John Clare's Hazel Copse: Summer

Clare's favorite tree, if we may judge by its ubiquity in his poetry, was the hawthorn. But the hazel drew his eye from time to time and inspired a number of charming depictions. So let him join Angelo Poliziano in my literary Coryletum.

from The Evening is for Love (p.339)

...Wi’ hairy leaves and droping flowers The canterberry-bell
Grows underneath the hazle-bower By most folks favoured well…

from The Humble Bee (p.338, 339)

…In the wood-briars and brambles
Hazel-stools and oak-trees
I enjoy such wood-rambles
And hear the wood-bees…

…He flies throught the stovens
Brown, hazel and grey
Through fern-leaves like ovens
Still singing his way…

from Twilight (p.322, 323)

   …Sweet twilight thy cool dews
   Are beautifully spread
   Where the nightingale its song renews
   Close by the old cow-shed
In that low hazel oft’ I’ve heard her sing
While somber evening came on downy wing…

   …Spring leaves seem old in green
   And the dull thorn is lost in the
   Dun twilight--but the hazel still is seen
   In sleeping beauty by the old oak-tree
Giving the woods a beauty and a power
While earth seems Eden in such an hour…

from The Flitting (p.198)

…The summer like a stranger comes
I pause and hardly know her face
I miss the hazel’s happy green
The bluebell’s quiet hanging blooms

Excerpted from John Clare: Selected Poems (Penguin Classics, 1990, 2000).

July 23, 2005 in Natural History | Comments (0)

autarky

Shaw and I were much better fitted for this mode of travelling than we had been on betaking ourselves to the prairies for the first time a few months before. The daily routine had ceased to be a novelty. All the details of the journey and the camp had become familiar to us. We had seen life under a new aspect; the human biped had been reduced to his primitive condition. We had lived without law to protect, a roof to shelter, or garment of cloth to cover us. One of us at least had been without bread, and without salt to season his food. Our idea of what is indispensable to human existence and enjoyment had been wonderfully curtailed, and a horse, a rifle and a knife seemed to make up the whole of life's necessaries. For these once obtained, together with the skill to use them, all else that is essential would follow in their train, and a host of luxuries besides. One other lesson our short prairie experience had taught us; that of profound contentment in the present, and utter contempt for what the future might bring forth.

Francis Parkman, The Oregon Trail [1849; published serially in the Knickerbocker, 1847-49] (Library of America, 1991), pg. 256.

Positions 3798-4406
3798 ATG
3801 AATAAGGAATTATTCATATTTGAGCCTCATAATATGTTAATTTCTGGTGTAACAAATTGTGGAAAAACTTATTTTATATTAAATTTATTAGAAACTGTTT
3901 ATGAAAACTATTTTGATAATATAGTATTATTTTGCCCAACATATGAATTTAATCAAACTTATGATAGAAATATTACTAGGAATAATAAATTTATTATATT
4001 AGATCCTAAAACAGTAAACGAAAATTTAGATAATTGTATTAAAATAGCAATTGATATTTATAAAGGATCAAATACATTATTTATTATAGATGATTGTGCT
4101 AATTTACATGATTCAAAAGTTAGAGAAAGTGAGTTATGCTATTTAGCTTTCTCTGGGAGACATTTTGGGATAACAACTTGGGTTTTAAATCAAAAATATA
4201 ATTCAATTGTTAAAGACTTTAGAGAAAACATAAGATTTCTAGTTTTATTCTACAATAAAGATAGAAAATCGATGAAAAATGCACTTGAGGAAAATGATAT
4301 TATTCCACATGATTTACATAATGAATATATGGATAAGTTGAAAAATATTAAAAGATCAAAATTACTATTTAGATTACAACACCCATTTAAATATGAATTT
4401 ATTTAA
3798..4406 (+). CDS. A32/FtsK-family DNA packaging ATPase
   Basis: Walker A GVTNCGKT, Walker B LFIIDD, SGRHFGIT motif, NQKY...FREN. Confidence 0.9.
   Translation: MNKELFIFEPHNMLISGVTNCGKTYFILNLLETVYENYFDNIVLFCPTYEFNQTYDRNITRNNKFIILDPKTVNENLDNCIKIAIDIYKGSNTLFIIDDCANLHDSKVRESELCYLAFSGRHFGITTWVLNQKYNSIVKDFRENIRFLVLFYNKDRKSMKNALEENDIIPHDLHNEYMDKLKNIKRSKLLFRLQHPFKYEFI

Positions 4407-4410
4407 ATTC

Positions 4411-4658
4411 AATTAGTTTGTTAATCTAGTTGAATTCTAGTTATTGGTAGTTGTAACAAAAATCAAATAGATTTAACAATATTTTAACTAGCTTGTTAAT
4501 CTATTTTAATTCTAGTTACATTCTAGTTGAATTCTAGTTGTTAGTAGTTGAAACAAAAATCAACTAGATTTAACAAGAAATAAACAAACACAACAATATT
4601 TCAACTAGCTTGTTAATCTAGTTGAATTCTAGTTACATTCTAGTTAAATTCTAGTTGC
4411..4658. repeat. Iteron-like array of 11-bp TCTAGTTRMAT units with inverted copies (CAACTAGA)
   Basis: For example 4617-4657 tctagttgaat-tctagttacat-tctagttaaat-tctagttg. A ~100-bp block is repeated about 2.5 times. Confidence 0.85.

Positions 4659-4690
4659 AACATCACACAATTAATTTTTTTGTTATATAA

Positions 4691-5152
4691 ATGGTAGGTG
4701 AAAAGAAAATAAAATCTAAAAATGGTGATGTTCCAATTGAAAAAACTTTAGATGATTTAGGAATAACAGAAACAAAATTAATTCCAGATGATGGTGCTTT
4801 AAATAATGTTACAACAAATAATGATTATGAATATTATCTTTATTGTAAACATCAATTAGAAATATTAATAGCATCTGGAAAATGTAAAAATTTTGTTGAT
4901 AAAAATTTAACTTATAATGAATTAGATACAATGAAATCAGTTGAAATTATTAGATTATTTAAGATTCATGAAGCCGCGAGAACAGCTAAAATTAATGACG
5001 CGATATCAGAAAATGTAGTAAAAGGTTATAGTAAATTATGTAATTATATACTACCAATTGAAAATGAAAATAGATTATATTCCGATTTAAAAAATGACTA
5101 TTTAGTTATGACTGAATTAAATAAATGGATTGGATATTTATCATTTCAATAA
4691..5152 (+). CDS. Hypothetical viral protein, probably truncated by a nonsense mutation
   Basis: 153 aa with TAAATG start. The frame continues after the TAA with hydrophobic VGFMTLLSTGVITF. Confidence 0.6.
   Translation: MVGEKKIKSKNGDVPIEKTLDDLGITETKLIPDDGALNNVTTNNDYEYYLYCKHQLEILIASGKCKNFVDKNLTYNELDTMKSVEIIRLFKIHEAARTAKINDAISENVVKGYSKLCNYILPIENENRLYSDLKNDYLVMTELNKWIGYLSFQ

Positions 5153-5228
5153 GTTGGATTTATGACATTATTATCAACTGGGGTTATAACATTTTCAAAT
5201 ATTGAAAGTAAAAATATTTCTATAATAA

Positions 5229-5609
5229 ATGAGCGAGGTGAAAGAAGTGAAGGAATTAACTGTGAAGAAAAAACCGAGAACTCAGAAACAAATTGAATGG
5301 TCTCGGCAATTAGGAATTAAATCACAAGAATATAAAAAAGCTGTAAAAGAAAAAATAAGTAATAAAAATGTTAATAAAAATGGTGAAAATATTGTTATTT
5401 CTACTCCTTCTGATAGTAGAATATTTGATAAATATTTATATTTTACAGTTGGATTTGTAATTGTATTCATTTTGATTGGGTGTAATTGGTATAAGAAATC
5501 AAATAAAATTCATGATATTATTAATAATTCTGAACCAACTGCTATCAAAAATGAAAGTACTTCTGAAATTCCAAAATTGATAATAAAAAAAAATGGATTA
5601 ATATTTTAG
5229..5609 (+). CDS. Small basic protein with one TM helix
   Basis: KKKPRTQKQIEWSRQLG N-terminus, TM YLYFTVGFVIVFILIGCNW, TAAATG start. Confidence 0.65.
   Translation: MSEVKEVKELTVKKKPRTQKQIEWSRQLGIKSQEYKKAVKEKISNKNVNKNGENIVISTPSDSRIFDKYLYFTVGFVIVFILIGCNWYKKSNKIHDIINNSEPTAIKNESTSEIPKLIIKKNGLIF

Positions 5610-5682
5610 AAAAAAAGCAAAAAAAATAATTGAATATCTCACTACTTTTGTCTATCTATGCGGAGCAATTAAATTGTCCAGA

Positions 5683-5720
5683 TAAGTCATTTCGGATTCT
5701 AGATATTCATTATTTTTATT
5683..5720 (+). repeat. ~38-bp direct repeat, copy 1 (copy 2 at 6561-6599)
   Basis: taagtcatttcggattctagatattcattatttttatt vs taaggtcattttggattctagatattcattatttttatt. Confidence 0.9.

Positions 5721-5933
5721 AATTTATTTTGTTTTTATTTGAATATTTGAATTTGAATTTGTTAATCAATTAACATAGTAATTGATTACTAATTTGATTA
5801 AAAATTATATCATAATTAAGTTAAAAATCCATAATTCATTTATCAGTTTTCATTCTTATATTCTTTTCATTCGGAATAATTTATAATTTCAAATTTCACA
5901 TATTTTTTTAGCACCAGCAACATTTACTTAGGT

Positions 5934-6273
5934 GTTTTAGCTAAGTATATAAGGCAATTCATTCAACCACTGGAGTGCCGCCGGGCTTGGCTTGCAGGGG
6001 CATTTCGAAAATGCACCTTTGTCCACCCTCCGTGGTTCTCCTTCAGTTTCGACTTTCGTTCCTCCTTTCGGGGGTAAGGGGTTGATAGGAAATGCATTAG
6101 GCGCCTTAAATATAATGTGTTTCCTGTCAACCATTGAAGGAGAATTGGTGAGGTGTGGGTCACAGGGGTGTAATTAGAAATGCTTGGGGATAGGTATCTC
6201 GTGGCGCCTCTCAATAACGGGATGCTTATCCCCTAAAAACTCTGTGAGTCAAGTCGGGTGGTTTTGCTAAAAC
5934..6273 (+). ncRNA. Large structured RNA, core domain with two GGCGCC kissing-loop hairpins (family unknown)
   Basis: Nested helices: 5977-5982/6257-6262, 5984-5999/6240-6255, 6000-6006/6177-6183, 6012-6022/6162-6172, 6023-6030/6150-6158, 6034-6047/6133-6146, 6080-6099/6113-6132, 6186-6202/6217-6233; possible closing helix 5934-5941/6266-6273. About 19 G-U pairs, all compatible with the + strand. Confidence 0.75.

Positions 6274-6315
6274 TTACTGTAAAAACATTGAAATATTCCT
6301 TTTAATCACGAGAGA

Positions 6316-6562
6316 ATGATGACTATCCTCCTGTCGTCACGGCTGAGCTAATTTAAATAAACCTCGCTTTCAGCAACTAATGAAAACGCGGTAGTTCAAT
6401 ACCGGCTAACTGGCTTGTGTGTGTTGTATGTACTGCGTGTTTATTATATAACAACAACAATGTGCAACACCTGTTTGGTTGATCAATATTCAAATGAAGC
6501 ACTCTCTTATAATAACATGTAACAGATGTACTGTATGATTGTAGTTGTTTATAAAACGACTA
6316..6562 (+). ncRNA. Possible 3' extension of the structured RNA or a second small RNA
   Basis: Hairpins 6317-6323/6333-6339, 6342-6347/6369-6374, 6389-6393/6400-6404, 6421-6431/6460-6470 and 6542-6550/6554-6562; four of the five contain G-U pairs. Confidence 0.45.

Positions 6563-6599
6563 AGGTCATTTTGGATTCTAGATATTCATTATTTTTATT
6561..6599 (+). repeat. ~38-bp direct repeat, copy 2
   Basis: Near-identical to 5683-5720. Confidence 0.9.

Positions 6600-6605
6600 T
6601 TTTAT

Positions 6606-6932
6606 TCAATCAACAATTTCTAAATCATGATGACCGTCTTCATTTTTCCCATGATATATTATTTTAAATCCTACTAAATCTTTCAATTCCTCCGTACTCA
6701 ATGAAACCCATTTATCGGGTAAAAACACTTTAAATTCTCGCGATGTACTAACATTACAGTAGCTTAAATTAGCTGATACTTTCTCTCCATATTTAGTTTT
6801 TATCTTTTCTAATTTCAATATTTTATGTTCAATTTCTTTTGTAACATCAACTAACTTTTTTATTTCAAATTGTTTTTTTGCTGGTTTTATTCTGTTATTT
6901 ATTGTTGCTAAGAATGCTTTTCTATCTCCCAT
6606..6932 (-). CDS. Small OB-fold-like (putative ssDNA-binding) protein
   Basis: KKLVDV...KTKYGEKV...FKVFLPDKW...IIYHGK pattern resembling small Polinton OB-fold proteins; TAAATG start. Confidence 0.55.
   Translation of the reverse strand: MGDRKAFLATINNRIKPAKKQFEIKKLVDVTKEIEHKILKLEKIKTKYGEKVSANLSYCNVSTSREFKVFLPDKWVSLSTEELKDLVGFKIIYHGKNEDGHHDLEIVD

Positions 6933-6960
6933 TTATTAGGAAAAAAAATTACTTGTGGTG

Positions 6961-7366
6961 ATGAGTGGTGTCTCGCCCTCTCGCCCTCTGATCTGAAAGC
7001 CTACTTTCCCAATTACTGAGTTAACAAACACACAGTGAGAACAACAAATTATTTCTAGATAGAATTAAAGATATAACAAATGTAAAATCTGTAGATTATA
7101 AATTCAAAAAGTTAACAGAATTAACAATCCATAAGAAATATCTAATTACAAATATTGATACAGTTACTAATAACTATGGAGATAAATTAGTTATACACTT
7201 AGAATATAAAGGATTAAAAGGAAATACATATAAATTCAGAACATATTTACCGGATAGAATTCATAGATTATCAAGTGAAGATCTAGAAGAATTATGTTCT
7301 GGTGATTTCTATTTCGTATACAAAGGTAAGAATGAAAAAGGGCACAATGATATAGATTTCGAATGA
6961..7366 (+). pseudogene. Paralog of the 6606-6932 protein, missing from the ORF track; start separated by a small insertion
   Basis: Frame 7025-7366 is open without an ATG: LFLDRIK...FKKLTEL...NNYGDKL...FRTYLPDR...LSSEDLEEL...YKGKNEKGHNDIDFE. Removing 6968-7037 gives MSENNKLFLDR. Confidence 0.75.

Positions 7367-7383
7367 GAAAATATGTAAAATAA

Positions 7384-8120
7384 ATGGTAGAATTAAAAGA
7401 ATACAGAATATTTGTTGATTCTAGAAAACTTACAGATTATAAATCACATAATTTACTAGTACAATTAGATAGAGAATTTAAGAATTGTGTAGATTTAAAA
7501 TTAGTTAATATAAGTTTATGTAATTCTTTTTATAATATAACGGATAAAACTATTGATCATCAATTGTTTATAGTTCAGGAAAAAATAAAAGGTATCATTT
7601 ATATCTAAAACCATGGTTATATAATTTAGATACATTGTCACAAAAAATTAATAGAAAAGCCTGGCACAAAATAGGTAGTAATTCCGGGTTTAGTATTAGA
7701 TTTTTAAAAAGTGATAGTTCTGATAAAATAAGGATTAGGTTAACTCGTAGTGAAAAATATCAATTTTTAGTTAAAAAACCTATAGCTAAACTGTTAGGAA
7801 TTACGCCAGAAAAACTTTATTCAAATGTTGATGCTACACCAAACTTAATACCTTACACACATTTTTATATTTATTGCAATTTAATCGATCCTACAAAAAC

July 8, 2005 | Comments (0)

Annals of Scholarship

    My wish to learn Greek had always been great, but before the Crimean war I did not venture upon its study, for I was afraid that this language would exercise too great a fascination over me and estrange me from my commercial business; and during the war I was so overwhelmed with work, that I could not even read the newspapers, far less a book. When, however, in January 1856, the first tidings of peace reached St. Petersburg, I was no longer able to restrain my desire to learn Greek, and at once set vigorously to work, taking first as my teacher Mr. Nicolaos Pappadakes and then Mr. Theokletos Vimpos, both from Athens, where the latter is now archbishop. I again faithfully followed my old method; but in order to acquire quickly the Greek vocabulary, which seemed to me far more difficult even than the Russian, I procured a modern Greek translation of Paul et Virginie, and read it through, comparing every word with its equivalent in the French original. When I had finished this task, I knew at least one-half the Greek words the book contained, and after repeating the operation I knew them all, or nearly so, without having lost a single minute by being obliged to use a dictionary. In this manner it did not take me more than six weeks to master the difficulties of modern Greek, and I next applied myself to the ancient language, of which in three months I learned sufficient to understand some of the ancient authors, and especially Homer, whom I read and re-read with the most lively enthusiasm.
    I then occupied myself for two years exclusively with the literature of ancient Greece; and during this time I read almost all the classical authors cursorily, and the Iliad and Odyssey several times. Of the Greek grammar, I learned only the declensions and the verbs, and never lost my precious time in studying its rules; for as I saw that boys, after being troubled and tormented for eight years and more in schools with the tedious rules of grammar, can nevertheless none of them write a letter in ancient Greek without making hundreds of atrocious blunders, I thought the method pursued by the schoolmasters must be altogether wrong, and that a thorough knowledge of the Greek grammar could only be obtained by practice,--that is to say, by the attentive reading of the prose classics, and by committing choice pieces of them to memory. Following this very simple method, I learnt ancient Greek as I would have learnt a living language. I can write in it with the greatest fluency on any subject I am acquainted with, and can never forget it. I am perfectly acquainted with all the grammatical rules without even knowing whether or not they are contained in the grammars; and whenever a man finds errors in my Greek, I can immediately prove that I am right, by merely reciting passages from the classics where the sentences employed by me occur.

Heinrich Schliemann [1822-1890], Ilios: the city and country of the Trojans (New York: B. Blom, 1968; reprint of the 1881 ed.), pp.14,15.

July 2, 2005 | Comments (0)

#64

News and new entries at the Gallery of Book Trade Labels.     Enjoy!

July 1, 2005 | Comments (0)